If nothing else, it probably won’t be as bad a full-on case.
If you need a reminder, and I don’t fault you if you do, here’s how vaccines work, specifically mRNA vaccines: your body gets a signal to produce a certain kind of protein reminiscent of an actual virus, your antibodies spring into action and beat the snot out of it, and in the event that the real virus invades your body, your immune system is already locked and loaded. This is why vaccination is so important right now: because repeatedly beating back infections prevents it from spreading.
That being said, vaccines are not cures, and occasionally an infection will manifest even if you are fully vaccinated. This is what’s known as a “vaccine breakthrough case.” While the available vaccines against COVID-19 are very effective at fighting back against both the regular and newly-spreading Delta variants, they aren’t infallible, so there is a chance you could still get infected. What, then, should you expect to happen?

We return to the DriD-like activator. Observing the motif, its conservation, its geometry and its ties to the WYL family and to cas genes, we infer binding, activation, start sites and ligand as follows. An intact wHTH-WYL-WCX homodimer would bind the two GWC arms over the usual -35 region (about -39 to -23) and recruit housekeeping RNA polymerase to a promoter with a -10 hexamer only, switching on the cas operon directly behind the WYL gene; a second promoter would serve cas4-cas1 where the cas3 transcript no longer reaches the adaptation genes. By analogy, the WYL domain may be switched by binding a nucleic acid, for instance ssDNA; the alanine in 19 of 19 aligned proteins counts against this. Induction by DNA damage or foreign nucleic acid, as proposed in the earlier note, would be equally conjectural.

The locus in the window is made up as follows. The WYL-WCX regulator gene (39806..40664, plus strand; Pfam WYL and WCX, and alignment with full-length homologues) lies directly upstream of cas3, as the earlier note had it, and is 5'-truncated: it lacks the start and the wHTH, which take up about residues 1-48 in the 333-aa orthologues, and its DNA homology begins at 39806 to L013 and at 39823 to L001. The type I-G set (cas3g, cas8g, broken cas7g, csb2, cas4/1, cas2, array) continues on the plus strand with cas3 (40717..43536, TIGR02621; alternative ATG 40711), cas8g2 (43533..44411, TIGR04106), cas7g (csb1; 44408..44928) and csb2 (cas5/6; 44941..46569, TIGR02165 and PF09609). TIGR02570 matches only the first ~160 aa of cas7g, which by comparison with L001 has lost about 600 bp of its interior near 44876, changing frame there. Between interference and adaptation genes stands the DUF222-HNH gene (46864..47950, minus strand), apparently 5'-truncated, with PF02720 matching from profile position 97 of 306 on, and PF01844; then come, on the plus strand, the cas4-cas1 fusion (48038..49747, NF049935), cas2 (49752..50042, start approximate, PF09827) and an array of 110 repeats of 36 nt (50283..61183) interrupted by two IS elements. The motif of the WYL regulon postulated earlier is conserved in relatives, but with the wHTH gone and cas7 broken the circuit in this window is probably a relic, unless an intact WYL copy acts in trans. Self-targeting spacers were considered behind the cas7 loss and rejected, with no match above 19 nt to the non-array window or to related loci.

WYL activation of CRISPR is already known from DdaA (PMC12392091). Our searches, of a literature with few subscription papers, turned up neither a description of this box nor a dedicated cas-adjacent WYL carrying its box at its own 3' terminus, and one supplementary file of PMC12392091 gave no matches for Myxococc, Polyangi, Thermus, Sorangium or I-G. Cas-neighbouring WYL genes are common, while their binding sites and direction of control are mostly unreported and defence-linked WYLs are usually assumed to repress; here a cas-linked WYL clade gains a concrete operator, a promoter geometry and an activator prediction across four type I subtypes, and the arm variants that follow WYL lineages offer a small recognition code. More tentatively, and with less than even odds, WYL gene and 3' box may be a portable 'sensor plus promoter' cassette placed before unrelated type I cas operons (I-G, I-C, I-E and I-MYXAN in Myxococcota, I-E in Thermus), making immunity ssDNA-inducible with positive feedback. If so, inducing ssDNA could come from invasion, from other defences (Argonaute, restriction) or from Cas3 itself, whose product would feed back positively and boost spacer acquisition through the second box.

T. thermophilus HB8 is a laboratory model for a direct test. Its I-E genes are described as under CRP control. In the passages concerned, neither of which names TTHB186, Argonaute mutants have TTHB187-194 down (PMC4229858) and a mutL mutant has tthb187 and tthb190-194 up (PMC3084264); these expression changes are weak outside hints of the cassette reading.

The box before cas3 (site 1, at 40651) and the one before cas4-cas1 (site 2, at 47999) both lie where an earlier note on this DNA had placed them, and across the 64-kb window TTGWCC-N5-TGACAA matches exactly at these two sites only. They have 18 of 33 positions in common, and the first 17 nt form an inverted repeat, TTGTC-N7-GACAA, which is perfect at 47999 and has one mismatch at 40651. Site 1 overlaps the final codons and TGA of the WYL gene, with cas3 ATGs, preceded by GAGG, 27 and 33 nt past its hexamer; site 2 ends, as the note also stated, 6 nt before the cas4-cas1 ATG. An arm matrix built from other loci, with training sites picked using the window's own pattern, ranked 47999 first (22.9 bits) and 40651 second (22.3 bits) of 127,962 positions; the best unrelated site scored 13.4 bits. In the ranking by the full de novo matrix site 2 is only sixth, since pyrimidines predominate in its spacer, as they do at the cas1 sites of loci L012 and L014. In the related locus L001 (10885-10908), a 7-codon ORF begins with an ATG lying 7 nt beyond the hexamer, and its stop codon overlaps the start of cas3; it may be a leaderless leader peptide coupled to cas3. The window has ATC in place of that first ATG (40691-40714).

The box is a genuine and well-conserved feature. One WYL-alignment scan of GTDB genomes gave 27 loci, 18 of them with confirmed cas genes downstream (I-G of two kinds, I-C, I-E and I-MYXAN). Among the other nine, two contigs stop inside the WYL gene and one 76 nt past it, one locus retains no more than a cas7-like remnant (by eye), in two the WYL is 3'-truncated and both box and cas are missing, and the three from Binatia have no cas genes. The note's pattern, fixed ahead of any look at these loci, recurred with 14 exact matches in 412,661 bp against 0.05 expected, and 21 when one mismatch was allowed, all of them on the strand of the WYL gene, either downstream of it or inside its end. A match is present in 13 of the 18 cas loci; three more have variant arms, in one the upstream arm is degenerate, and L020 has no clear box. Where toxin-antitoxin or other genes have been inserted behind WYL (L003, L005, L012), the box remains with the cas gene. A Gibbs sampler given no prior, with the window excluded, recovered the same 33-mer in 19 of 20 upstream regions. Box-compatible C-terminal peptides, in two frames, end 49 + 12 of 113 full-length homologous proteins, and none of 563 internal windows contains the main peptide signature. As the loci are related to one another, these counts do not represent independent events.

In a vast majority of cases, absolutely nothing. If your immune system is strong enough to fight the symptoms but not quite strong enough to squash the virus immediately, you could have an asymptomatic infection, where you’re outwardly normal but may be shedding viral particles. As long as everyone around you is also vaccinated, this isn’t a problem. In less frequent cases, you may develop some symptoms, but thanks to the vaccine halting the worst of it, they should be much milder, amounting to no more than fatigue, a runny nose, and some allergy-like symptoms. You might not even know it’s a COVID reaction unless you experience loss of smell or taste, which should just be temporary.
In absolute fairness, it is possible to develop a full-blown, hospital-warranting COVID-19 infection even when you’re fully vaccinated. However, according to CDC statistics, the odds of that actually happening are around 0.001%. Not impossible, but highly unlikely, provided you get both shots of the vaccine if they’re available to you (and you should).